Not in an overall acceptance kind of way. I want to be the kind of person who makes the most of living in one of the world's most fascinating cities. I've been alive for 29 years and stomped my way through Brooklyn and Staten Island while making a small mark in NYC itself, yet I don't feel like I've fully seen it. And I want to...badly.
I'm not the best at being a loner, and I don't see that as a fault. I like to share my experiences and small joys with those that will get the same fulfillment from them. Most recently, my friend Jon has attributed to this aspect of my life in ways he may not even be aware of. I think I relinquished my will to his demand after a night of theater and binge drinking months ago, but that's a whole other story...The planning of yesterday's outing started on Monday with the following conversation.
Jon: What are you doing Wednesday?
Me: Anything you want me to.
Jon: Galleries. Lots of 'em.
Me: I'm in.
Immediately my Google calendar began buzzing with invites that began at 10am Wednesday morning and extended through the afternoon. A little overzealous? Maybe. But I held no doubt that the day would prove rewarding.
I arrived in SoHo a bit after 10am. The weather definitely felt of Christmas but it was pleasant enough to not have to build my clothing into layers of puff. I wore my sunglasses, Boho hat, and blended into the crowd. When I can walk around on Spring and W Broadway, easily stop in at any store and buy items without a second thought, that's when I'll know I've made it, financially speaking, in life... Until then I'll stick with the sale racks.
When I found myself in front of what would have been our first stop, I saw Jon was not there. A cell phone ring later, we were chatting and I was told he was still on his way.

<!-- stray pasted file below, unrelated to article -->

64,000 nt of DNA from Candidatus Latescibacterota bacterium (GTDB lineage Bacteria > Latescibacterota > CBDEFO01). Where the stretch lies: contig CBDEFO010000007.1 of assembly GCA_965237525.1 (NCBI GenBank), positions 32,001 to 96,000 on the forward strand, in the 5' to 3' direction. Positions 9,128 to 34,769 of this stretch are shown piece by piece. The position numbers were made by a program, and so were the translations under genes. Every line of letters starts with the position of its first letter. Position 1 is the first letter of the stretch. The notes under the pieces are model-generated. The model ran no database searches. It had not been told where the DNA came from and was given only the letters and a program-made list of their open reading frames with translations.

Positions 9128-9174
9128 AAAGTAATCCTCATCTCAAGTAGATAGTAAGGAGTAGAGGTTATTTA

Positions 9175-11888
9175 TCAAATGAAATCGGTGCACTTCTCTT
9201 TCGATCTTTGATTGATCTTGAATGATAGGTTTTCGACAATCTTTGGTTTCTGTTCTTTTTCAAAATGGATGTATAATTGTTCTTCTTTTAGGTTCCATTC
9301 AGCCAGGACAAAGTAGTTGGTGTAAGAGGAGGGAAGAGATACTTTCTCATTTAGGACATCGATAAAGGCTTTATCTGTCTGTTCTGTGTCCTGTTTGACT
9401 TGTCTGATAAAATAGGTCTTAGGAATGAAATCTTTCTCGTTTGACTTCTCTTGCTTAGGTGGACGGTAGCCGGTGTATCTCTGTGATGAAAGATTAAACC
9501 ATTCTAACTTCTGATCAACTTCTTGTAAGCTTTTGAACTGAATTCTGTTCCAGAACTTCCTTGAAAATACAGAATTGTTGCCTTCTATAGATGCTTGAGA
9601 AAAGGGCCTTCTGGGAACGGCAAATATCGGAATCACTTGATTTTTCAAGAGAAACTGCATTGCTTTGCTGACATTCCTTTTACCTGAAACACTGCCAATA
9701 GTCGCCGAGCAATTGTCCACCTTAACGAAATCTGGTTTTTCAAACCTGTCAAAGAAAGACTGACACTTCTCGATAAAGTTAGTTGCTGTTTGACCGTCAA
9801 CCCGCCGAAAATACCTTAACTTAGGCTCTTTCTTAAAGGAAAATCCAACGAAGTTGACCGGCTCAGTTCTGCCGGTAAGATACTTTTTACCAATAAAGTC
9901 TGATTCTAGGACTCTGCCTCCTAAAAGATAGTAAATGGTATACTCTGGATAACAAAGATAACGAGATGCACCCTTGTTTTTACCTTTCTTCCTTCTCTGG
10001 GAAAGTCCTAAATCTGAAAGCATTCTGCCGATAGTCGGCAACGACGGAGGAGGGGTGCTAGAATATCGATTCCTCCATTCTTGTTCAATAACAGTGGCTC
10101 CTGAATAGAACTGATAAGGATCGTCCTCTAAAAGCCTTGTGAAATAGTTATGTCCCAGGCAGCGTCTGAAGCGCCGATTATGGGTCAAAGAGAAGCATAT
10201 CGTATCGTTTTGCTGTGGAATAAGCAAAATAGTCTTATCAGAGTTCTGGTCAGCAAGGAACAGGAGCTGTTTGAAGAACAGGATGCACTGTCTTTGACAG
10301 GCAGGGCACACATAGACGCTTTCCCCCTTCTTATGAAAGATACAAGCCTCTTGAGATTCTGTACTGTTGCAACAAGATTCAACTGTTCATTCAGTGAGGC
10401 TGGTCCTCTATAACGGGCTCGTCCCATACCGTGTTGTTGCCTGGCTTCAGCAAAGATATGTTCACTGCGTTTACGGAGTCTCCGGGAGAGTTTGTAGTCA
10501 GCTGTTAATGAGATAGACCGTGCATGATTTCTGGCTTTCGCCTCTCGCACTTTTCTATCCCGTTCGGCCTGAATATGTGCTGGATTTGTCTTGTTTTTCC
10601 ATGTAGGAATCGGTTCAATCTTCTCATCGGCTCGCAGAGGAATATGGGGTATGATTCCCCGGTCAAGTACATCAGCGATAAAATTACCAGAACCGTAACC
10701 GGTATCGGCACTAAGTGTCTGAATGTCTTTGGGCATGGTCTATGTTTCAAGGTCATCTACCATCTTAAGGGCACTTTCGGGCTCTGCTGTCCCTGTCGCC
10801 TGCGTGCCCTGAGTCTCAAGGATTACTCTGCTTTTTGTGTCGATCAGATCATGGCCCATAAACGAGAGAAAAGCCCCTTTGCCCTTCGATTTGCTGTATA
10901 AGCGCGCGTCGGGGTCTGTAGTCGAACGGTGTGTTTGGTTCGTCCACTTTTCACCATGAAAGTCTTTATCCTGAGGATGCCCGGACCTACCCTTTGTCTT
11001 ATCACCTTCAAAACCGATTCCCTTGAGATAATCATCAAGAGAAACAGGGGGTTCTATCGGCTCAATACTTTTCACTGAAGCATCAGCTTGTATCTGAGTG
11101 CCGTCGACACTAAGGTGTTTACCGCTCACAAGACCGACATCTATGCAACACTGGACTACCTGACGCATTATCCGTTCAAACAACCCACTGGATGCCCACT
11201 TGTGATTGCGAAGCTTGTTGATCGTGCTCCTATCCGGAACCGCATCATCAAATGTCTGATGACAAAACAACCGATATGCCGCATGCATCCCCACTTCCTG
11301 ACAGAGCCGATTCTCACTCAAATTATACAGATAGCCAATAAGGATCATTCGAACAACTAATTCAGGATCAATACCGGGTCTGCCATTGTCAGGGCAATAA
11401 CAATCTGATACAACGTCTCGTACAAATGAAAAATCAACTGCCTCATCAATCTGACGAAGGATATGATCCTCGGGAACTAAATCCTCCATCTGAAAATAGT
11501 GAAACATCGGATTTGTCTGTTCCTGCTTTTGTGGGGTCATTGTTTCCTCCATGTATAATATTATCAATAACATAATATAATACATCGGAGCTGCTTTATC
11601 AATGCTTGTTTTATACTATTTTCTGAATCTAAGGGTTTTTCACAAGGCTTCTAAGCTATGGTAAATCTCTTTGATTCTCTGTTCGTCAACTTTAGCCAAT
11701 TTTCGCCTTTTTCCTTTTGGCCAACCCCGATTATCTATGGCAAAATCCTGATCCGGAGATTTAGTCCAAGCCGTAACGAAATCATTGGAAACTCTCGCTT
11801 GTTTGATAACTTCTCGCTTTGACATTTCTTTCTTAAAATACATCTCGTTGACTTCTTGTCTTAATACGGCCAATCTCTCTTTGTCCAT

Me: You realize you're totally going against the gay stereotype with your lack of punctuality, right?
Jon: Go f**k yourself.
I *heart* him.
I later sent him this photo from an Anthropolgie dressing room and told him he owed me $185 and would have to carry my shopping bags all day.
Forty-five minutes later I'm drinking an Americano coffee in a cafe called Ground Stop. It's the kind of place where everyone looks like they just walked out of a European sample sale and are adorned with non-prescription glasses. I sip my brew and wait for Jon who arrives with his signature smile. He doesn't want coffee, he wants art, so we make our way out of bourgeoisville and across the street to our first stop... which turns out to be closed down.
Well then. A walking journey takes us to the SoHo Photo Gallery...which doesn't open for several hours.
Me: If you wanted me to start preparing for the marathon with you, you could have just said so. No need for the elaborate "we're going on a gallery walk" cover story.
Jon: They were open...in my mind.
We jumped the E train and walked toward the Hudson River on 23rd street. Between loading docks and nightclubs we came to a building filled with various galleries. One floor introduced us to a set of artwork that was on the market for $10,000. I kept my hands in my pockets and made sure not to allow my inner klutz near anything in the room.
As we made our way uptown, we found more hidden gems and popped into several more galleries. We saw photos that amazed us and artwork that elicited the following responses:
Jon: I feel like I'm camping with hillbillies.
Me: I think my 6 year old goddaughter could have done a better job.
It's all about interpretation.
Amongst a slew of warehouses and cobble-stoned streets we found a chain of galleries, where we stopped in on a Jeff Bailey exhibit and came across a 1950s photo of our friend Billy Yoder's long lost relative. (It's not, but sure as heck looks like him!)
It was closing in on 1pm and our stomachs were starting to grumble, but before heading to the Upper East side we returned to the SoHo Photo gallery. There we found a pleasant gallery manager, an amazing experiment with color by a photographer named Rick Sammon, and the coolest bathroom I've ever tinkled in.